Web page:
“But them white lines be numbing them dark times/Them pills that I’m popping, I need to man up/Admit it’s a problem, I need a wake up/Before one morning I don’t wake up”

Like he’d done in the past, Miller turned to a different style for his fourth album. Electing to transition to a sound more ingrained in funk and R&B for The Divine Feminine, an album that featured the likes of Kendrick Lamar, Ariana Grande, and Anderson .Paak.

Miller would go on to blend each of his previous styles to deliver his fifth album, Swimming on August 3, 2018. This would be Miller’s final project and one of his most acclaimed.

Swimming featured the song “Self Care”, Miller’s highest charting song as a lead artist.


Miller struggled with substance abuse problems throughout his career, with periods of sobriety sprinkled throughout his life. But, Miller’s inability to remain sober soon proved to be detrimental.

On September 7, 2018, Miller was found dead due to a “mixed drug toxicity” of fentanyl, alcohol, and cocaine.

On his album GO:OD AM, Miller spoke about dying early from drugs on his song “Brand Name”.

“To everyone who sell me drugs/Don’t mix it with that bulls**t/I’m hoping not to join the 27 Club”

Miller was 26 when he died.

Swimming was nominated for Best Rap Album at the 61st Annual Grammy Awards.

Not long before his death, Miller went to the National Public Radio office as part of promotion for his album. He performed for their Tiny Desk Concert series.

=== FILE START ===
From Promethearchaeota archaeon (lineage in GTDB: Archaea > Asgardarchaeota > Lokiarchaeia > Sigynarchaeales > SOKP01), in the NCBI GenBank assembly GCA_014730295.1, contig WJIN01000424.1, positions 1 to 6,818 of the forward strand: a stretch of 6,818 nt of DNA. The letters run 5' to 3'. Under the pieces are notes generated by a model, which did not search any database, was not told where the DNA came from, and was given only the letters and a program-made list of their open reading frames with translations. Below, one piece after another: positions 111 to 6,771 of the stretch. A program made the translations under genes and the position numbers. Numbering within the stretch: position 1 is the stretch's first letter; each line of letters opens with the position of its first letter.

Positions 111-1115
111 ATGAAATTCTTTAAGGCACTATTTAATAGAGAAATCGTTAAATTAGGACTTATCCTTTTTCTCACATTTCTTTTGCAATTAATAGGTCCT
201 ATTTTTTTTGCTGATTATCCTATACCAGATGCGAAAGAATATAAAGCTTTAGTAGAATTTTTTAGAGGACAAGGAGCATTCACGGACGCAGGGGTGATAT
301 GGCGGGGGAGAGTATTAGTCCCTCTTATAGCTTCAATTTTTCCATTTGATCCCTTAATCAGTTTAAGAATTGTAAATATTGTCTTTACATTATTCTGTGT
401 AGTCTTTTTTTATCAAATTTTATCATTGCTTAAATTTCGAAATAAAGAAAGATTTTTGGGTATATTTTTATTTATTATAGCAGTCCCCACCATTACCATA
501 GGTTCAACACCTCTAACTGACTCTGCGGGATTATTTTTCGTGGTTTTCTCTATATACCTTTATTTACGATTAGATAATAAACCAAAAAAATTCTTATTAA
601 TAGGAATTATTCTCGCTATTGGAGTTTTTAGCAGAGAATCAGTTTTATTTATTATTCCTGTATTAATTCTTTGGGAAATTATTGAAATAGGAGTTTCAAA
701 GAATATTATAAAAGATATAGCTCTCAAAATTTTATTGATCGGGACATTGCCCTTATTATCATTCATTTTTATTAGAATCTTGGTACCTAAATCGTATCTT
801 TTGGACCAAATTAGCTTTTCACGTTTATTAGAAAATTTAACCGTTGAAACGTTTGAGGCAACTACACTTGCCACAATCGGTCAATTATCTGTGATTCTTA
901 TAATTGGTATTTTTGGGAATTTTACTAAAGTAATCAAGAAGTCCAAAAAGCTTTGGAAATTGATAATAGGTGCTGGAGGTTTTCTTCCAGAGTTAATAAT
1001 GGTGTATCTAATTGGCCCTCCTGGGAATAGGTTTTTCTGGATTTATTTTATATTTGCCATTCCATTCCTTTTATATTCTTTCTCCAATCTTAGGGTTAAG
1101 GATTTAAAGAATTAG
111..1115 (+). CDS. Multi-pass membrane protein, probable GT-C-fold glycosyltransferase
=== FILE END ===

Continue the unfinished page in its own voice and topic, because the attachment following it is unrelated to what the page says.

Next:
Following Miller’s death, there was a memorial concert “Mac Miller: A Celebration of Life” held at the Greek Theatre in Los Angeles featuring artists like Chance the Rapper, Travis Scott, J.I.D, and more. The ticket profits went toward the Mac Miller Circles Fund, a foundation that “will provide programming, resources and opportunities to youth from under-served communities, helping them recognize their full potential through exploration in the arts and community building.”

Miller’s life had many ups and downs, and while it did come to a tragic ending, he left the world with hundreds of songs and left his mark on many artists who will go on to continue his legacy.


In Conclusion

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About the Author

Landmark Recovery

Landmark Recovery

Landmark Recovery was founded with a determination to make addiction treatment accessible for all. Through our integrated treatment programs, we've helped thousands of people choose recovery over addiction and get back to life on their own terms. We're on a mission to save one million lives over the next century. We encourage all those struggling with substance use to seek professional help.